So, why not Deafhood Foundation supports Deaf returnees? The “philosophy” of Deafhood Foundation in the broadest sense, ignoring a barrier repertoire—stories, literacy expressions and the like—against Deaf returnees whose forms of expressions exert upon them.

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Where are the tears of joy—and tears of pride? Having being “incarcerated” since my early teen years, I had ever experienced a pursuit of happiness before and never thought I would have that opportunity, my young adulthood forever lost. Deaf returnees do not given a second chance as “productive contributor” to Deaf community.

Deafhood Foundation, where is the compassion and willingness about Deaf returnees to put their lives on the line for others is deeply rooted in their own struggles for being given the opportunity for redemption and for being welcomed back into society?

In Paddy’s Corner: Dr. Ladd coined the word “Deafhood” to describe positive ways of being Deaf in spite of the discrimination and oppression, and to present a framework to understand our past, work within the present, and plan for the future.”

What about the positive framework to understand Deaf returnees’ past, work with the present, and plan for the future to focus on positive ways of being Deaf in spite of the discrimination and oppression every day?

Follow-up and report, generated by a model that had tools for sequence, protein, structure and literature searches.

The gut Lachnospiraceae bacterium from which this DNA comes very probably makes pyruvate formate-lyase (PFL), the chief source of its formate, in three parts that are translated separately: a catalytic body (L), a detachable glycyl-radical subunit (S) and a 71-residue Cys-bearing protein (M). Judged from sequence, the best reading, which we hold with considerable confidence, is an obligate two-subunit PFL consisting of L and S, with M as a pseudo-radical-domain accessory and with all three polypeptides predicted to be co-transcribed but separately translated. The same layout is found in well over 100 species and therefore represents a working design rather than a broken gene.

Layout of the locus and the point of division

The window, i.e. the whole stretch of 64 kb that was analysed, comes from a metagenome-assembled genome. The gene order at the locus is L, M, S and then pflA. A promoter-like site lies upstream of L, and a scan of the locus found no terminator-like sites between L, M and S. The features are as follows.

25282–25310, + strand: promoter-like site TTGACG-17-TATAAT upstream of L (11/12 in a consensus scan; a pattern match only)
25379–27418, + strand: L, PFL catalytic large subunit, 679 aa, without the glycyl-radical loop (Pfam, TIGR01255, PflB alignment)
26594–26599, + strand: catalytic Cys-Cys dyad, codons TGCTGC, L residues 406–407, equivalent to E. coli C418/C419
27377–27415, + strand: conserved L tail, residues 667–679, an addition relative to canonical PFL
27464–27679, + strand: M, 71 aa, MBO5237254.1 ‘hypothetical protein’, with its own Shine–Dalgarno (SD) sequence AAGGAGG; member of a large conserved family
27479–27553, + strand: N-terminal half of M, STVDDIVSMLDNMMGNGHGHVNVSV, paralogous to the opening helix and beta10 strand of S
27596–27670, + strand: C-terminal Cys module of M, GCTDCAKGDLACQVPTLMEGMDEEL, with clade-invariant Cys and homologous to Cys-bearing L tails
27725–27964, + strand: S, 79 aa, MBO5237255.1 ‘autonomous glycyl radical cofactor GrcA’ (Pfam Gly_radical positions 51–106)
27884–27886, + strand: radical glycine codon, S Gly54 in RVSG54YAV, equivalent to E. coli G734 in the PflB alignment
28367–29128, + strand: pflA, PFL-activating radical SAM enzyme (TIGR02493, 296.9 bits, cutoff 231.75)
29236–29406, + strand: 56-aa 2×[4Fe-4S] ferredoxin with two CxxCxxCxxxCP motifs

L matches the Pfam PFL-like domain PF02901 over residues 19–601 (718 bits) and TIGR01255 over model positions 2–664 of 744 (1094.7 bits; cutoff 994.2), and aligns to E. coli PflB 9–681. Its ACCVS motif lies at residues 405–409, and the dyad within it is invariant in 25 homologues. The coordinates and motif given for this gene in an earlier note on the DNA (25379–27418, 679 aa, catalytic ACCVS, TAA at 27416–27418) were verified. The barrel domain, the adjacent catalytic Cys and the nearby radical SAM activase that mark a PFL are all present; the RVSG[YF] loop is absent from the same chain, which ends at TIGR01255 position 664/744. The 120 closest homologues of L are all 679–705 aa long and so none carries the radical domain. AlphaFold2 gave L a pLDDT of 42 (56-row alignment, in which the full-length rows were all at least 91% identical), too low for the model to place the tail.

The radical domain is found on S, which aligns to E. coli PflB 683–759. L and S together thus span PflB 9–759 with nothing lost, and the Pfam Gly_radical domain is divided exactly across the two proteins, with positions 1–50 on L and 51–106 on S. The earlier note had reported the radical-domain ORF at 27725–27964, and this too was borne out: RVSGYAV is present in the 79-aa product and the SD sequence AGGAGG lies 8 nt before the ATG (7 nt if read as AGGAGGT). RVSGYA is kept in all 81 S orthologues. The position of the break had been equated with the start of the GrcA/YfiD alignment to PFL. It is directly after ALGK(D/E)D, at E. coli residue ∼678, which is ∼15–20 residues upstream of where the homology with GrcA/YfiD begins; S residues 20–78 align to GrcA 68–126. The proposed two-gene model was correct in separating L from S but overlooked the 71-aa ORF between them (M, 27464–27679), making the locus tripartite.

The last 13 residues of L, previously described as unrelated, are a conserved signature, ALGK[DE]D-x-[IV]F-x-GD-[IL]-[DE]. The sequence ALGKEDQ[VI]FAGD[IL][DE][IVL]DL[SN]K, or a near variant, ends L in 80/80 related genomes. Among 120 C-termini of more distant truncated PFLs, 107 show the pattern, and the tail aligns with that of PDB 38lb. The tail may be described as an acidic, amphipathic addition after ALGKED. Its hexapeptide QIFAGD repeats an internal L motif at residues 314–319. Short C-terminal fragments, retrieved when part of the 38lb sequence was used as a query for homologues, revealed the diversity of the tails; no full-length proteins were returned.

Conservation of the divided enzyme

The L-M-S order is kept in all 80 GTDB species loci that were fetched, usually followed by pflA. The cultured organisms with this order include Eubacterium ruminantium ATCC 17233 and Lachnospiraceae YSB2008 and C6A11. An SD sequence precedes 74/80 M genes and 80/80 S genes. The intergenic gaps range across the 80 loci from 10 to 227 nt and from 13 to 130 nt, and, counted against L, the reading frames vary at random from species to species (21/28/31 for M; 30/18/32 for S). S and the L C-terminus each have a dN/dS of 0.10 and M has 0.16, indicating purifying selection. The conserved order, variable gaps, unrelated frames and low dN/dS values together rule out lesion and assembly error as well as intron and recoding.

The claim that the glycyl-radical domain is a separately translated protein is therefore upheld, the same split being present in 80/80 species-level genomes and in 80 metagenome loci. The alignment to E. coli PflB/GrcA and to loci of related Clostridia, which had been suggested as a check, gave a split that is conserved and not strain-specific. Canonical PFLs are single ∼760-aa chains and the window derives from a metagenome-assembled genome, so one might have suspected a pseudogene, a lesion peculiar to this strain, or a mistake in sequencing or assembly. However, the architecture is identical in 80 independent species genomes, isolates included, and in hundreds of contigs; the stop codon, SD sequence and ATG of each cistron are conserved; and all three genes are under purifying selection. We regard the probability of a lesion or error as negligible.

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Few months ago, when I attended as lone Deaf attendee for ACLU National Conference in Washington, D.C.—I saw a powerful image that says I believe a criminal record shouldn’t define your entire existence”—sadly, Deafhood Foundation does not see that way that it would always define your entire existence forever because Deaf community is small–and quickly judged by its looks and books.

-JT

Copyright © 2018 Jason Tozier

This text may be freely copied in its entirely only, including this copyright message.

 

 

 

AGBell: Misunderstanding?

The “quality” of a Deaf child should not be misunderstood by AGBell’s practitioners of Audism, Hate, Surdophobia and Oppression.